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Solo 401(k)Plan


Dobber
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Small business owner (no employees) would like to set up a Solo K plan - however he wants to add his child (minor) to the payroll and have the child participate in the plan.  I've read that in order to qualify as a Solo K ("Owner-Only")  an employer must have no full-time employees other than themselves, a business partner and a spouse. - What about children?

Question -Would the plan continue to qualify as a Solo K if the child is eligible to participate? 

 

Thank you

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17 minutes ago, Dobber said:

I've read that in order to qualify as a Solo K ("Owner-Only")  an employer must have no full-time employees other than themselves, a business partner and a spouse.

Read where? "Solo K" is not a team that's defined in any of the law or regulations. It's just a marketing name.

There is such a thing as a "one-participant plan" which means they are eligible to file Form 5500-EZ. A one-participant plan includes a plan that covers only a sole proprietor and their spouse, partners in a partnership and their spouses, and (new starting in 2020) 2% shareholders in an S-corporation and their spouses, children, parents and grandparents.

Any plan adopted by an employer which has no non-highly compensated employees will be exempt from most testing, which is the real benefit of a "Solo K" plan anyway. So go ahead and adopt a regular 401(k) plan and don't worry about it.

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Yes, "solo-k" is a marketing term. Beware of using certain "solo-k" documents if you might ever add any employee to the business.

In your case, with an owner's child in the plan, the plan is now subject to ERISA. A fidelity bond applies, certain notices and disclosures apply, and the 5500-SF applies.

Usually a "solo-k" is thought of as an owner-only plan that is exempt from ERISA. It files 5500-EZ only when the assets of all the employer's solo plans are over $250,000. They are not required to provide ERISA 404(a)(5) fee disclosures or blackout notices. SPDs are not required. ERISA 204(h) notices are not applicable, no fidelity bond, the ERISA fiduciary requirements do not apply, etc.). But, IRS tax-qualification rules do apply: you have a qualified written plan document (including good-faith interim amendments and timely periodic restatements), you must operate according to the terms of the plan, etc.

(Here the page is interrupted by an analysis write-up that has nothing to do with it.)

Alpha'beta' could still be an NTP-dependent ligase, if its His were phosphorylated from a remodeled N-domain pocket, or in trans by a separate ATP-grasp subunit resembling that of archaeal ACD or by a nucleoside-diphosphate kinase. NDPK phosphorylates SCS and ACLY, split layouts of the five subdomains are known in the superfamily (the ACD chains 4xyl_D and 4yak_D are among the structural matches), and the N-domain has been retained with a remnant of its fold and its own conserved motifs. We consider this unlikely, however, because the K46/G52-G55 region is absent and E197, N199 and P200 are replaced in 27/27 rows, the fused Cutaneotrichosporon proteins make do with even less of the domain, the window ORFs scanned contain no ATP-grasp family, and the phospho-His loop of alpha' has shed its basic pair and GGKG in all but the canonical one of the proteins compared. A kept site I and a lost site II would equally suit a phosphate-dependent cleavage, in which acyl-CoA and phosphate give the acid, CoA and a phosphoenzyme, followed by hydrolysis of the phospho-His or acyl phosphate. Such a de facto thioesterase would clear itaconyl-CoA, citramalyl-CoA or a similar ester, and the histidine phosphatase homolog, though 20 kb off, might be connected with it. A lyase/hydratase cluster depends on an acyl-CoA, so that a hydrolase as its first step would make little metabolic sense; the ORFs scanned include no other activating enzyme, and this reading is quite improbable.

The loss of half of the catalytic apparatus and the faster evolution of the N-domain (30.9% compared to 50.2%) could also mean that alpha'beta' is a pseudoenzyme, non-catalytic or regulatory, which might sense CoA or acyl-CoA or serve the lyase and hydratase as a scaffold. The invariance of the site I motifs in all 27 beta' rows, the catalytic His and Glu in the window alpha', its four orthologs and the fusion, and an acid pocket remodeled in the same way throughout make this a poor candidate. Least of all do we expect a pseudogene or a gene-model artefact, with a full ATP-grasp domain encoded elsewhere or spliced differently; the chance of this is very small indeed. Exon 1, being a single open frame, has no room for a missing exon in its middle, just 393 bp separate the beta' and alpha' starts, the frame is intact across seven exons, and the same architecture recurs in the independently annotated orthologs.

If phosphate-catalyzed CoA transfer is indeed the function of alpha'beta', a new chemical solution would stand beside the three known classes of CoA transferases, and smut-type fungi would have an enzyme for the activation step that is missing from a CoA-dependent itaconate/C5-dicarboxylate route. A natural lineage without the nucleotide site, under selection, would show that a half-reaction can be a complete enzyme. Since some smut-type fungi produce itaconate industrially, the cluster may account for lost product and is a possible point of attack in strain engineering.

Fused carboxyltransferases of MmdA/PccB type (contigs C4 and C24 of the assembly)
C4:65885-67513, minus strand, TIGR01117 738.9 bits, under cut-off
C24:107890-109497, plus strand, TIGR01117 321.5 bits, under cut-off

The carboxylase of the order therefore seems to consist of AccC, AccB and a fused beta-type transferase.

So, I think of a solo-k as an owner-only plan: a plan that only covers the 100% owner (and spouse), or if the business is taxed as a partnership, it is a plan that only covers the partners (and spouses). Go beyond that, and you are not an owner-only plan and you are subject to ERISA.

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On 3/5/2021 at 7:30 AM, C. B. Zeller said:

and (new starting in 2020) 2% shareholders in an S-corporation and their spouses, children, parents and grandparents.

CB, would you mind clarifying what you mean by "children, parents and grandparents"?  Thanks very much.

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On 3/5/2021 at 1:23 PM, CuseFan said:

He should also make sure his child is performing service for the business that is commensurate with the pay he is provided.

Interesting.  I have a plan where the owners wife and 2 kids get a W2 as well as safe harbor/profit sharing/and max out their deferrals and none of them actually work there. Ever.   The 2 kids have full-time jobs other places. Their max 401k contributions come out of one check at year-end.  One of the kids over-contributed because they forgot they were getting maxed out at their father's company . . .